SAN PABLO -- The city has joined the growing ranks of Bay Area municipal governments to consider allowing its residents to buy electricity from Marin Clean Energy instead of Pacific Gas & Electric Co.
Officials from MCE, a nonprofit renewable energy company, delivered a presentation to San Pablo's City Council on Monday outlining how the city could contract with it to provide its residents with more than 50 percent of their electricity from renewable sources such as solar and wind.
"San Pablo reached out to us a few months ago," said Dawn Weisz, MCE's chief executive. "But we haven't done any exploratory work there yet, so it's too early to say whether there would be any barriers" to providing the city energy.
City Manager Matt Rodriguez said Monday that San Pablo is interested, but details must be worked out first.
"We are receptive to the merits of such a program," Rodriguez wrote in an email Monday. "However, the pros and cons need to be vetted to ensure compatibility (with the) values and needs of San Pablo residents. ... Cautious is a better approach at this point."
Rodriguez said July would be the earliest that the council might consider approving any plan to bring MCE to the city.
MCE provides at least 50 percent of its energy to residents and businesses from renewable sources, compared with 20 percent for PG&E.
Thirteen cities and towns, a total of 92,000 customers, are now contracted to receive energy from MCE. Twelve of the municipal customers are in Marin County; Richmond will be the first East Bay city to come online this summer, Weisz said.
MCE delivers energy over existing grid infrastructure, Weisz said, and its rates are less than $1 more per month for the average residence than PG&E. Both utilities' rates are subject to change every year.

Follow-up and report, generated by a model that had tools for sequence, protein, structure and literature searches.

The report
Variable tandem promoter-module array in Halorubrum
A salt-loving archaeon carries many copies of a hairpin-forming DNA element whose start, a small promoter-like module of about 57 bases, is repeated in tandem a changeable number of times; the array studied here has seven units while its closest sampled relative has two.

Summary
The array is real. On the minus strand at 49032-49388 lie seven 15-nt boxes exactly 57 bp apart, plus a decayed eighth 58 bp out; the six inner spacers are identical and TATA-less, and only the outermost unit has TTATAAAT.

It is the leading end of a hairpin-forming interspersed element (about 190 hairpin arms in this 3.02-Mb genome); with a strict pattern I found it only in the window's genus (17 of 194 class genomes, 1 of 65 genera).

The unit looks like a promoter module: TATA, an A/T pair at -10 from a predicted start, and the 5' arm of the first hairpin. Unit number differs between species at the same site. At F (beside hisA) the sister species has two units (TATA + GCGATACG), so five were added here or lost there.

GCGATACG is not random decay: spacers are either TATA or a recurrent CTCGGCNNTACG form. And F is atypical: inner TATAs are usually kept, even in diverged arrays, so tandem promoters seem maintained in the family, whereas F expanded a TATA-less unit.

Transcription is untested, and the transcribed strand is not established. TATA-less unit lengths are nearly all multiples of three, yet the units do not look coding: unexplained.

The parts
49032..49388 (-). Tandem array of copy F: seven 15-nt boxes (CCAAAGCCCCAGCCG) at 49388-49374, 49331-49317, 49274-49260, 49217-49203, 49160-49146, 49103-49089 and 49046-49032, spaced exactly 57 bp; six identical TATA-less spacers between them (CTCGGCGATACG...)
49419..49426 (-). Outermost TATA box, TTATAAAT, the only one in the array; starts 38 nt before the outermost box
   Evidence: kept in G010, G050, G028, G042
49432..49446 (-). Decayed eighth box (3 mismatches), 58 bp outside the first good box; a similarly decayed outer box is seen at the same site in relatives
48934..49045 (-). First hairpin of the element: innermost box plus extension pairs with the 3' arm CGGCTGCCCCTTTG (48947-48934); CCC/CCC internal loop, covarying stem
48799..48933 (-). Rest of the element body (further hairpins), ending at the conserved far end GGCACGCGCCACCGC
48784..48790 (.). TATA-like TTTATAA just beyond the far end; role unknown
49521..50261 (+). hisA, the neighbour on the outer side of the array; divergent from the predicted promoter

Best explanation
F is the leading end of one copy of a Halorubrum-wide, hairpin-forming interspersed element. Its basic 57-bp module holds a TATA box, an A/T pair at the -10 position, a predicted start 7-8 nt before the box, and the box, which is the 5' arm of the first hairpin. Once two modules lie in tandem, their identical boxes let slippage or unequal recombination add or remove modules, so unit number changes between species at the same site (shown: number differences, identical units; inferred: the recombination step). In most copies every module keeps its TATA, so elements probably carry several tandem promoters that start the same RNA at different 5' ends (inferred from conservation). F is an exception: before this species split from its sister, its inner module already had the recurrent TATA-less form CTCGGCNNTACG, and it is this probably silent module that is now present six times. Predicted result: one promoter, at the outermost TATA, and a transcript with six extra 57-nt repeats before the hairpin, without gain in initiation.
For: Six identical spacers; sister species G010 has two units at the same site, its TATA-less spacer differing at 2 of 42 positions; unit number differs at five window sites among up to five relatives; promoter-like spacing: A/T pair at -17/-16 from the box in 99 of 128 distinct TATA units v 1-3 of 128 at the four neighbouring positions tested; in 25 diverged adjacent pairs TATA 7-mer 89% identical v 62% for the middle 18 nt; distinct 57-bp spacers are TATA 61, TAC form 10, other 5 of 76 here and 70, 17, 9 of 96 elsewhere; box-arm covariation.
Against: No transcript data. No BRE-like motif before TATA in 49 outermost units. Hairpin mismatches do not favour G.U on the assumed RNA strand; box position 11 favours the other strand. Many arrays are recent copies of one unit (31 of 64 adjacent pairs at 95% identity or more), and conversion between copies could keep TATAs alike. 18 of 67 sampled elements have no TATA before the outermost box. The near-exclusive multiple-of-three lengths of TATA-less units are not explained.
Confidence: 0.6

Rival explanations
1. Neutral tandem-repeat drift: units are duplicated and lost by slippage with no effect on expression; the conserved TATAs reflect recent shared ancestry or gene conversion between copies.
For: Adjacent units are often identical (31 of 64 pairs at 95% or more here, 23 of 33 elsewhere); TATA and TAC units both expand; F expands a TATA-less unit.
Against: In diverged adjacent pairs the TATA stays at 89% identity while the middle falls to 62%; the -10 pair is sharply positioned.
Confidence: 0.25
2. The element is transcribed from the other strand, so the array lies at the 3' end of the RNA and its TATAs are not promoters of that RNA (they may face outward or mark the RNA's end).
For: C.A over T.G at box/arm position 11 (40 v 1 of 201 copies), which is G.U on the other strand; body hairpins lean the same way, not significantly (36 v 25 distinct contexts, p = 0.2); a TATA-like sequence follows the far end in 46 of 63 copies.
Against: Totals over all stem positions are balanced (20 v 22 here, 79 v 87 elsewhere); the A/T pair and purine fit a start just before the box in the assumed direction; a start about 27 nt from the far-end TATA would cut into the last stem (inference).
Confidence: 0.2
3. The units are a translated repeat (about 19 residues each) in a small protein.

But MCE's rates are slightly cheaper for commercial customers, Weisz said. Residents can opt into a "deep green" program to get 100 percent of their energy from renewable sources for about $5 more per month.
The rate comparisons are a "snapshot in time," Weisz said. "They can go lower or higher, but folks will have a choice."
PG&E continues to handle the transmission of electricity generated by MCE.
With clean energy upstarts such as MCE cutting into its vast market share, PG&E filed a letter in April with the state Public Utilities Commission retaining the right to engage in marketing or lobbying in the future.
In the letter, PG&E said it "expects that at some time it will wish to express to customers or governments its views on (Community Choice Aggregation) programs that can only be expressed through an independent marketing division under the rules in the CCA Code of Conduct," the letter reads.
The state passed its Community Choice Aggregation bill in 2002 to open up markets for defined jurisdictions to have the opportunity to secure alternative energy supply contracts. Per the law, customers in cities that adopt a CCA provider have to "opt out" to stay with PG&E; otherwise they will be automatically enrolled with the new energy provider.
Each client municipality of MCE has a representative to sit on its governing board, the Marin Energy Authority, which sets rates and other policies. Weisz said the board, which now has 13 members, must decide how to provide representation to new clients as the board grows.
"Some board members have expressed concern with continued growth of the board," Weisz said. "They've expressed interest in alternative ways to add communities within the service area."
MCE has also delivered presentations in Albany and El Cerrito, Weisz said, and numerous other municipalities across the state have submitted inquiries about the program.